Operators to Claim Rebates on FOBTs

Gambling firms in the UK are expected to claim back £1 billion in compensation over historic taxes paid on Fixed-Odds Betting Terminals. Bookmakers and casinos have won a legal battle against HMRC, which ruled that the industry had unfairly been charged VAT on revenue earned from FOBTs. William Hill and GVC are amongst the companies set to benefit from the ruling, and could together claim up to £350 million.

A row of colorful slot machines in a casino.

Fixed-Odds Betting Terminals used to be the biggest source of revenue for high street bookies, before stakes were capped. ©Lee Thomas/Unsplash

Rank and Betfred Win the Case

Gambling operators Rank and Betfred alleged that VAT payments charged from 2005 to 2013 were unfair. Until 2013, operators were charged 20% VAT on top of 15% duty on Fixed-Odds Betting Terminals. In 2013, those VAT payments were swapped for 20% machine games duty, which was soon raised to 25%.

Together, Rank and Betfred brought a case against HMRC, which has only recently been concluded. A final ruling has been a long time running, as when a first-tier tribunal sided with operators in 2018, HMRC issued an appeal.

However, in April the ruling from the upper tax tribunal agreed with operators, ruling that they had been overcharged VAT for a period of eight years. HMRC has confirmed that it will not be appealing this ruling so now gambling companies are open to submit claims to have their overpayments compensated. It is thought that Betfred could be owed in the region of £100 million, while Rank has requested just over £25 million.

William Hill will also submit a claim for a rebate that could be worth somewhere between £125 million and £150 million. Speaking to investors, the operator said “As a result of this announcement, we will now engage with HMRC to agree the support for, quantum and timing of the refund”. Following the announcement, William Hill’s shares rose by 6%.

“Whilst William Hill currently expects the net cash recovery to be material, its precise quantum remains uncertain. Nevertheless, the board has considered a number of scenarios which suggest a potential net cash recovery of between £125 million and £150 million.”

GVC could also be granted a rebate of up to £200 million. This news resulted in the operator’s shares climbing by almost 2%. In a statement, GVC explained that it would pursue a rebate following the news that the judge had ruled in favor of Rank and Betfred.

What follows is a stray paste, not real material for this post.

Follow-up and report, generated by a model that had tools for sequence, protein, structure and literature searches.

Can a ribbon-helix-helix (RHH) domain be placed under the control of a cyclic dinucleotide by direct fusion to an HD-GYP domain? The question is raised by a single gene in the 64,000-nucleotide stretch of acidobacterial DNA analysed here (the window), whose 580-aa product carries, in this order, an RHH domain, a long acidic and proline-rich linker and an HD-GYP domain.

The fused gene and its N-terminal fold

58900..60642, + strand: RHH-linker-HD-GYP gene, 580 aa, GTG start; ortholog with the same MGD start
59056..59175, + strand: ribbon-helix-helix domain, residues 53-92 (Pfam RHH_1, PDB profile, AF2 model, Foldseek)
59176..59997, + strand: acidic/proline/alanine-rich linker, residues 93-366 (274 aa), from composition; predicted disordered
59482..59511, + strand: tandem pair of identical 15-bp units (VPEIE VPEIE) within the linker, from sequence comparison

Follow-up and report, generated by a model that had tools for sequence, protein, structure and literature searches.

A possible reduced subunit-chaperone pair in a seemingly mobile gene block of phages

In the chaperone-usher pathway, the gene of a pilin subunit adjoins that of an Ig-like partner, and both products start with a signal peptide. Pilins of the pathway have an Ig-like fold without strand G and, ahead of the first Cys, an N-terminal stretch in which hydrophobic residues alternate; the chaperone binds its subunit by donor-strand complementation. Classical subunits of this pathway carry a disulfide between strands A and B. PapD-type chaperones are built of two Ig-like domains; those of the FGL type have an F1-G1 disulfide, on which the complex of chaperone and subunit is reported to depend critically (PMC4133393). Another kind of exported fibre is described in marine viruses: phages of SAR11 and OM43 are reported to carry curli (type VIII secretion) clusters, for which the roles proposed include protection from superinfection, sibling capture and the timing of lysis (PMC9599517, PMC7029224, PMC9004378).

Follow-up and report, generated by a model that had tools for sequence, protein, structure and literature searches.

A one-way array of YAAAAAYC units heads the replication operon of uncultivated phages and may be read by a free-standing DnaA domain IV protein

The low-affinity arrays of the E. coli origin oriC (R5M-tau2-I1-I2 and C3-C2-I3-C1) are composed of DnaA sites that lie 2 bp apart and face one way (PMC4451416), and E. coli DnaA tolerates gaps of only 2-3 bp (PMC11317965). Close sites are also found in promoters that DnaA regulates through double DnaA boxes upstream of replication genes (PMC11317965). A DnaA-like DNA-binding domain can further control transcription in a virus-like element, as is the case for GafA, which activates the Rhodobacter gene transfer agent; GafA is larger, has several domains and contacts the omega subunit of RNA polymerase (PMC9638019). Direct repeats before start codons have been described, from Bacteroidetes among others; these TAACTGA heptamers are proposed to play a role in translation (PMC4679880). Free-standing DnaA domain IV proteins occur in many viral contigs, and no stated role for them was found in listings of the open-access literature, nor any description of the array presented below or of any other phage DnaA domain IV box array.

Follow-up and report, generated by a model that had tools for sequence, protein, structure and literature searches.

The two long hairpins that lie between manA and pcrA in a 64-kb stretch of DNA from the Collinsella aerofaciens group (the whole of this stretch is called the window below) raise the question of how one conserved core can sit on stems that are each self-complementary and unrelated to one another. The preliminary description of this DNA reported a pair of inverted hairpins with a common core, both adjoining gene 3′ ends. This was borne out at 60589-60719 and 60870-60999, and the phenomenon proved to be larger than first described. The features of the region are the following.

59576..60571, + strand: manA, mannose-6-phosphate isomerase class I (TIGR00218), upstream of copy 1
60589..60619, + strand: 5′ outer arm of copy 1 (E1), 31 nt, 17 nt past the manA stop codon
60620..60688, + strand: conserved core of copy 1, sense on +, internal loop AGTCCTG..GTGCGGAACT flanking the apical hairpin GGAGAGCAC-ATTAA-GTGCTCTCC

“The Group understands it will be eligible for a rebate of historic VAT incorrectly paid on gaming machine revenues from its own Ladbrokes betting shops in the period 1 October 2002 to 31 January 2013.”

Other gambling companies are likely to follow suit, and claims could add up to hundreds of millions. The timing could hardly be worse for the government, as the coronavirus pandemic has set a match to its usual financial practices. There is also growing pressure from campaigners for tighter gambling regulations to be brought in.

However, for gambling firms the extra cashback from VAT rebates could cushion the impact that the outbreak has had on business. Bookmakers in particular have suffered from the interruption to sporting schedules, although many operators have been able to redirect their regular customers to preexisting online casino products.

A Final Win From FOBTs

These rebates will be the final big financial reward from the once lucrative FOBTs. Once dubbed the ‘crack cocaine of gambling’, these machines used to turn high profits for operators. However, a successful campaign from the Gambling Related Harm APPG, led by Labour MP Carolyn Harris, resulted in a stake limit being introduced. The machines which once allowed stakes of up to £100 can now only offer £2 stakes.

The stake cape on FOBTs had a big impact on business for William Hill, which claimed that it had lost £63.5 million as a result. Its high-street shops saw sales dip by 12%. Shortly afterwards, the operator announced that it would be forced to shut 700 of its shops, cutting around 4,000 jobs.

In April’s ruling, Mr Justice Mann and Judge Thomas Scott agreed that FOBTs are similar to gambling devices, such as roulette wheels, which are exempt from sales tax. As a result, HMRC should not have charged operators VAT on revenue generated from FOBTs.

“Such differences as there were between the various comparator games in terms of their relevant characteristics did not have a significant influence on the decision of the average customer to use one machine or another.”

Carolyn Harris has led an outcry against the decision, urging the government to overturn the ruling. “I sincerely hope that the Treasury challenges this decision, especially at this time when it needs every single penny it can get its hands on.”. Harris has also pressed the regulator to introduce a £2 cap for online slots.

While campaigners have highlighted that gambling addiction is a particularly concerning issue during the coronavirus lockdown, Rank and Betfred have reiterated that this case stems from long before the pandemic hit.

“This is an historical tax case where the upper tribunal has agreed with the original court decision in July 2018 that licensed betting offices were wrongly charged VAT on fixed odds betting terminals between 2005 and 2013.”

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